Chevalier 2023 Movie Review
Though his life and accomplishments were largely erased under Napoleon, the extraordinary figure at the center of Stephen Williams’ “Chevalier” really did exist. Born on the Caribbean island of Guadeloupe, the son of a white plantation owner and his Black slave, Joseph Bologne went on to excel in spheres rarely accessible to people of color in 18th-century French society. Here was a champion swordsman and celebrated musician invited to play his violin at Versailles, where Marie Antoinette reportedly accompanied him on the harpsichord.
So why has it taken so long for his story to be told?
The time certainly seems right to rediscover the Chevalier — an honorary title that reveals how high Bologne rose under France’s overtly racist Code Noir, as well as a fitting name for the film. A compelling example of Black excellence dating back even before the French Revolution, the English-language “Chevalier” doesn’t feel nearly as fusty as its powdered wigs and period setting might suggest. Like “Chocolat” (not the Johnny Depp confection, but the 2016 Omar Sy vehicle about the circus clown who broke barriers on the Paris stage), this modern-minded if occasionally under-nuanced costume drama fills a historic gap, starting with its fanciful opening scene: a violin showdown between Bologne (Kelvin Harrison Jr.) and Wolfgang Amadeus Mozart (Joseph Prowen) choreographed like a rap battle.
It’s an imaginative bit of one-upmanship with which to begin, as “Chevalier” puts Mozart in the Salieri position to make its point (in real life, Bologne was more than a decade older than the Austrian composer, though the two would have surely been aware of one another’s talents). Perhaps the most remarkable thing about “Chevalier” is how many of Bologne’s actual feats it leaves out (including his impressive military record). And perhaps the most frustrating is that the film takes enough creative liberties along the way that audiences can never be sure how much of what they’re seeing is true.
That makes “Chevalier” less a definitive portrait than a fascinating departure point for further reading and research. Williams comes to the project having helmed the wrenching Tulsa Race Massacre episode of HBO’s “Watchmen.” There, he brought into the light a horrific chapter of Black history. Made on what appears to be a fraction of the budget, disguised in part by DP Jess Hall’s dynamic camerawork, “Chevalier” poses a different but comparable challenge: How to do justice to a respected 18th-century composer when so much of his music has been lost? (In a shameful reversal of Enlightenment progress, three years after Bologne’s death, Napoleon reinstated slavery, and his work was banned.)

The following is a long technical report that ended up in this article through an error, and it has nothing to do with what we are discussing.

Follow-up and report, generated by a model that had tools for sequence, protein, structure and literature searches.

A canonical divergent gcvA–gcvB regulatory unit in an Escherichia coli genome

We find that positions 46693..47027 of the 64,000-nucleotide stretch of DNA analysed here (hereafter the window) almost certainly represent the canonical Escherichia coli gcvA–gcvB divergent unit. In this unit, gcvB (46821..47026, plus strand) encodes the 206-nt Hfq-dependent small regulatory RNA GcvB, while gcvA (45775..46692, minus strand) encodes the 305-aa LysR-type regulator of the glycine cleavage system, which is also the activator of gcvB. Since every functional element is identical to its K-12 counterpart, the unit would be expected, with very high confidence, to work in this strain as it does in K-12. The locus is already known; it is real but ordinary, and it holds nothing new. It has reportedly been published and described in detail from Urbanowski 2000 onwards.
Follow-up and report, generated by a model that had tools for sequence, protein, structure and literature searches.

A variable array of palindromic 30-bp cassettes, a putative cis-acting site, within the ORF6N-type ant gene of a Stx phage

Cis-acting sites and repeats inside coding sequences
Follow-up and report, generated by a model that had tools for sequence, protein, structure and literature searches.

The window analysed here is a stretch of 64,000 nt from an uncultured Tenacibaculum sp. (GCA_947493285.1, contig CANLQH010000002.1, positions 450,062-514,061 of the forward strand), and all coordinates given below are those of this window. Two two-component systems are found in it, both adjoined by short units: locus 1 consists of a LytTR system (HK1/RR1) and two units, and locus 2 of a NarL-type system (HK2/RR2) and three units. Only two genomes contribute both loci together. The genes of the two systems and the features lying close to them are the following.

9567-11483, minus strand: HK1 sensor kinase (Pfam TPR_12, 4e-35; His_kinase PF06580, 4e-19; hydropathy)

Williams turns the fact his work was suppressed into a strength, freeing the film to modernize both Bologne’s own music and the original neoclassical score that surrounds him. To that end, the director engaged two composers: Kris Bowers (“Green Book”), who gives the film its contemporary musical signature, and Michael Abels (“Get Out”), who updated and expanded what survives of Bologne’s oeuvre, including the Violin Concerto No. 9, which the character defiantly performs in the film’s dramatic climax.
“Chevalier” focuses primarily on an earlier chapter in Bologne’s career, when the Creole multitalent — a musical virtuoso adept at fencing and riding and poetry, raised and educated as a free man — sought the open position as head of the Paris Opera. In real life, Bologne’s ambitions were thwarted when three leading ladies of the opera signed a petition refusing to answer to someone of mixed ancestry. “Chevalier” combines that devastating setback with several other important details from his biography, the most compelling of which were his dangerous liaisons with one Marie-Josephine (Samara Weaving), married to the powerful Marquis de Montalembert (Marton Csokas).
In the film, Marie Antoinette (played as frivolous and fickle by Lucy Boynton) sanctions a contest whereby Bologne and his rival Christoph Gluck (Henry Lloyd-Hughes) for the Paris Opera post must each compose an original opera in order to determine who gets the job. Bologne goes to work writing “Ernestine,” enlisting the supportive Madame de Genlis (Sian Clifford) as sponsor, while insisting on Marie-Josephine as his muse and star — a risky move for myriad reasons. Doing so makes an enemy of opera diva La Guimard (Minnie Driver). “They are all extremely jealous of your very large … talent,” she flirts from beneath her mile-high wig, changing her tune after he rejects her none-too-subtle proposition.
Between the cartoonish way that white characters telegraph their bigotry and Harrison’s sly implication that Bologne isn’t trying to “pass” so much as parody the French elite, the movie veers precariously close to camp at times. Like the drag balls in “Paris Is Burning,” each courtly bow and effete hand flourish could be read as a kind of mockery, until such point that Bologne catches his own mother (Ronkẹ Adékoluẹjo) laughing at the way he carries himself. “You look like a white boy,” she teases, amplifying an identity crisis already well underway.
Under the Code Noir, French society can never fully accept Bologne as one of its own, and so “Chevalier” becomes at once a critique of insincere allyship and a reminder for ambitious outsiders not to abandon their culture en route to the success they seek. In the film, when Bologne hits rock bottom, the solution is for him to reconnect with his roots, playing drums alongside a group of Black street musicians. His silly white wig serves as a symbol of his self-discovery, cast aside when it comes time to make his stand.
It’s a powerful scene, bolstered by Bologne’s own music. But do audiences care enough about the internal politics of French opera to turn out for this film, or would “Chevalier” have done better to focus on another chapter of the man’s incredible but true life story?